We can remember a time, not too long ago, when Louisiana’s higher education leaders kept fairly mum about state budget cuts, apparently hoping not to anger those who wielded the budget ax.
But if officials at the state’s public colleges and universities hoped their reticence would spare them further austerity, the results of that get-along, go-along philosophy are by now fairly evident. “State funding for higher education has seen deeper cuts than any other state in the country,” LSU President F. King Alexander recently told the Press Club of Baton Rouge. “Since the recession started, we have seen our state funding cut by more than 50 percent.”
Thanks in large part to a more vocal role by higher ed managers during the most recent legislative session, lawmakers mostly spared the state’s colleges and universities from yet another round of cuts that would have been catastrophic.
That’s welcome news, but the budget situation at the Capitol remains fragile, and more cuts before next year remain a distinct possibility. What’s needed, obviously, is a comprehensive funding strategy for Louisiana’s higher education institutions that allows them to offer quality, affordable instruction without so much annual anxiety about how to pay the bills.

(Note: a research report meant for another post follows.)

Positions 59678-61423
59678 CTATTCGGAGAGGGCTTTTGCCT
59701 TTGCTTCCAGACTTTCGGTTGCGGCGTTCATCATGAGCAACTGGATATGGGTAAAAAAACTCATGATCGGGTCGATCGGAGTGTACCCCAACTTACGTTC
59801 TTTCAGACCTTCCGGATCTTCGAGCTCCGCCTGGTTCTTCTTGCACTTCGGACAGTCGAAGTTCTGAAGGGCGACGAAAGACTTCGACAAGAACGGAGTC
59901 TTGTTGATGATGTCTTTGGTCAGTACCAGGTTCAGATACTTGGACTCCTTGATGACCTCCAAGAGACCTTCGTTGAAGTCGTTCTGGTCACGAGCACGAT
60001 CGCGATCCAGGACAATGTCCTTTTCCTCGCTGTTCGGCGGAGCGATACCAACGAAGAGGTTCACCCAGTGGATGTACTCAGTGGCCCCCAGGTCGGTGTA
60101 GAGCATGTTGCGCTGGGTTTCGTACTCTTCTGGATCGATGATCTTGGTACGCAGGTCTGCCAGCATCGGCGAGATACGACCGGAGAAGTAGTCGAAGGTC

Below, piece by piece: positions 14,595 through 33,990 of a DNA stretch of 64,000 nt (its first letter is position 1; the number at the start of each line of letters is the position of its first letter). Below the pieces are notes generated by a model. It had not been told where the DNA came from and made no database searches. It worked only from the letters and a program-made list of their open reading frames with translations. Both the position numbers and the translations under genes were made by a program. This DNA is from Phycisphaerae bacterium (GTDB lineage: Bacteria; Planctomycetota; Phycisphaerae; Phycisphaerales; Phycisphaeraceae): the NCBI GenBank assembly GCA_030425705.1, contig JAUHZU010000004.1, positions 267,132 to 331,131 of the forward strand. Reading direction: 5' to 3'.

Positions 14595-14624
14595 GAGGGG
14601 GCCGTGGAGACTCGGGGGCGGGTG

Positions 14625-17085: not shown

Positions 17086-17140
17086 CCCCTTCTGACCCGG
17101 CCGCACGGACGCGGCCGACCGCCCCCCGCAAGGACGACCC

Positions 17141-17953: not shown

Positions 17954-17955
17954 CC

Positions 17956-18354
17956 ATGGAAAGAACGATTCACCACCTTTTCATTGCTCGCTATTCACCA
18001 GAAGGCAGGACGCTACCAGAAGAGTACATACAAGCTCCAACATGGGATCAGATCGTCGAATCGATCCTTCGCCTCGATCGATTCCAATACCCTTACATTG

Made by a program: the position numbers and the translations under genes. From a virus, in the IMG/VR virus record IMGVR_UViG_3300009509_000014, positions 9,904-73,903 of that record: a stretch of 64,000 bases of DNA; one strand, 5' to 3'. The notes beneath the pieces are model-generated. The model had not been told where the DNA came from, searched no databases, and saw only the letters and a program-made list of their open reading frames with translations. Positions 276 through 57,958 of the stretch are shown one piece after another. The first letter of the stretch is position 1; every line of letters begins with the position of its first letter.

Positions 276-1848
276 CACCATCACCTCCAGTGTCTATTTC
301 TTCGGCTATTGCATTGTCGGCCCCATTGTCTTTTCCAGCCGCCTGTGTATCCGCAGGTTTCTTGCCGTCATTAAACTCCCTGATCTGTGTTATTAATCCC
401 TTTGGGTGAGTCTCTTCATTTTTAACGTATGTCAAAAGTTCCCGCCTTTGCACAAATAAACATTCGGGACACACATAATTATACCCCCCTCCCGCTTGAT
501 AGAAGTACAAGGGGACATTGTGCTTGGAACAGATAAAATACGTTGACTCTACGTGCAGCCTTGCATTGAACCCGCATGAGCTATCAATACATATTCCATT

That must be job one for Louisiana’s next governor, and Alexander was right when he outlined what’s at stake during his Press Club speech.
“Because of the extended period of budget uncertainty LSU has experienced, we have lost many talented faculty, along with their research dollars and the potential commercialization revenues their discoveries represented,” Alexander told listeners. “Without additional and stable funding mechanisms for the state — or without raising tuition — we have gone about as far as we can with the support we have.”
Erratic state funding has hampered LSU’s ability to compete in a global marketplace. “Over the last 50 years, our state support has yo-yoed up and down in a pattern that no one could foresee and rarely even made it to the southern average,” Alexander said. “A predictable base would allow us to strategically plan and prioritize to meet our goals, instead of taking two steps forward, then two steps back every other year.”
Now is the time for voters to pin down this year’s gubernatorial and legislative candidates on their specific plans to support higher education.
Louisiana needs more college graduates in order to grow its economy. That should make higher education everyone’s cause — and a big factor in this month’s election.